Opaque upon the sail, and Argive seas
Rear like blue dolphins their cerulean curves?
Samos is fallen, Lesbos streams with fire,
Etna in rage, Canopus cold in hate,
Summon the Orphic bard to stranger dreams.
And so for us who raise Athene’s torch.
Sufficient to her message in this hour:
Sons of Columbia, awake, arise!

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Over at après moi, le déluge, silmarillion has posted a list of all the Spanish words borrowed from Arabic, using the Diccionario de la Real Academia Española (both printed and online editions), the Corpus Diacrónico del Español (CORDE), the American Heritage Dictionary, the Dictionnaire de l’Académie francaise, and the webpage Vocabolario Etimologico della Lingua Italiana. The post and definitions are in Spanish, but if you’re interested in the subject, that shouldn’t be much of a problem. My only quibble so far (having skimmed the list) is that some of the words go back to Turkish, not Arabic:
Chaleco – quizá del it. Giulecco, y este del turco yelek
Zapato del turco zabata
But I’m certainly not going to complain about too many etymologies, and besides, for lagniappe there’s a little annex of Basque words that come from Arabic. Gracias, amigos!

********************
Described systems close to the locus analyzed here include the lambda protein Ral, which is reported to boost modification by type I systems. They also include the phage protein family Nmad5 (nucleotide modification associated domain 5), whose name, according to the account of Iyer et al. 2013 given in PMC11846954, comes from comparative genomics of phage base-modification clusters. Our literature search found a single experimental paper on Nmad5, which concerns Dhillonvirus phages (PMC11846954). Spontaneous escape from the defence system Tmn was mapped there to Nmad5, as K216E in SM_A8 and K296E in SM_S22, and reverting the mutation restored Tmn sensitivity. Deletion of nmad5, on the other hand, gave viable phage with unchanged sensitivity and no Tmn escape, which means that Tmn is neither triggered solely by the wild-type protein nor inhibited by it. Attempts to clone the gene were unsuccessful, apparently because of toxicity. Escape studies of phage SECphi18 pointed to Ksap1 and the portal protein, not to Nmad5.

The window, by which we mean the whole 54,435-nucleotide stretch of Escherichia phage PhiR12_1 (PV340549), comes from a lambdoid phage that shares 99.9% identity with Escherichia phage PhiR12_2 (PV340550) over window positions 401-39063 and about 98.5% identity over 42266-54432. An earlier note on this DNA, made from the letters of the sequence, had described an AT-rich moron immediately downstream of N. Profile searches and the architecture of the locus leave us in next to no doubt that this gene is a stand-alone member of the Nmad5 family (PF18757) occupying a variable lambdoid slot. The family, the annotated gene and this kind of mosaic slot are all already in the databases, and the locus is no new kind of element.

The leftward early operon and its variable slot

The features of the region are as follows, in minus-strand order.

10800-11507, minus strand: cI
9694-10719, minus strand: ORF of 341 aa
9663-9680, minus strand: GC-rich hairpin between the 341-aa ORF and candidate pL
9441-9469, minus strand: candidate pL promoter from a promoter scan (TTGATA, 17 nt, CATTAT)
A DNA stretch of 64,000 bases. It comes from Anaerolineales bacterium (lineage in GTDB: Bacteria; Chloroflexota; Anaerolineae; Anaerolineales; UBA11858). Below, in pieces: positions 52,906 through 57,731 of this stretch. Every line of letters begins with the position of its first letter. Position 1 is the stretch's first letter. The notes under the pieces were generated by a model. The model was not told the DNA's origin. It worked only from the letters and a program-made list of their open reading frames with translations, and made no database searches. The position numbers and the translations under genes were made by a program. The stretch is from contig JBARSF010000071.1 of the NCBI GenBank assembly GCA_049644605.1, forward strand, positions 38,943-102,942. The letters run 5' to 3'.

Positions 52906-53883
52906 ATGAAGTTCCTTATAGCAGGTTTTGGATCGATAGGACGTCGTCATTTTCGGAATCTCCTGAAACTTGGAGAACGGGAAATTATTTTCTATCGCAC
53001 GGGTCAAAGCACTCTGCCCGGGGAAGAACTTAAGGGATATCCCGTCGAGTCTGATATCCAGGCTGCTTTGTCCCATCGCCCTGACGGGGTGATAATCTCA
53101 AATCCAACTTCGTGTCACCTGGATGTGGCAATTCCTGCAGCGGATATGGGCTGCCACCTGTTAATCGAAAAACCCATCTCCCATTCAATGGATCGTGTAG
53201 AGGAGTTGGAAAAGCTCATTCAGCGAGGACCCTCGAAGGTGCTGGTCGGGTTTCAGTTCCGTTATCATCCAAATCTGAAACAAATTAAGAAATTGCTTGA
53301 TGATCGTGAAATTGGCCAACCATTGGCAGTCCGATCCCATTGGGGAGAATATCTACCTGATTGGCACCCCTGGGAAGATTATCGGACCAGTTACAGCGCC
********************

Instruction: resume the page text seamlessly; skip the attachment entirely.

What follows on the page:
The annoying Richard Lederer, who has a Ph.D. in English and Linguistics from the University of New Hampshire but whose voluminous writings about language place him rather in the amateur class, is (quite appropriately) standing in for William Safire this week at the NY Times Magazine, and his column is about bloopers, a favorite topic of his. As he says, “Word botches are music to my ears, and over the years I’ve arranged five anthologies of fluffs, flubs, goofs, gaffes, blunders, boners . . . well, you get the idea.” In the first place, although they are language-related, bloopers are about as cliched a topic as could be imagined; you would think the Times would be approximately as thrilled as they would be with a story about how it’s so hot you can fry an egg on the sidewalk, as our intrepid reporter demonstrates! At any rate, the column illustrates why I lost interest in the subject several decades ago, once I realized that published bloopers are as reliably authentic as the letters columns in porn magazines. Verbal goofs caught in the wild can be very funny, but that happens rarely, and it’s much easier for teachers to make them up during boring stretches. Lederer says solemnly “As a word-bethumped language guy, I adhere firmly to the blooper snooper’s code, taking only what I find and contriving nothing,” but I believe him exactly as much as I believe a teller of tall tales who swears that this really happened. His culminating example is this: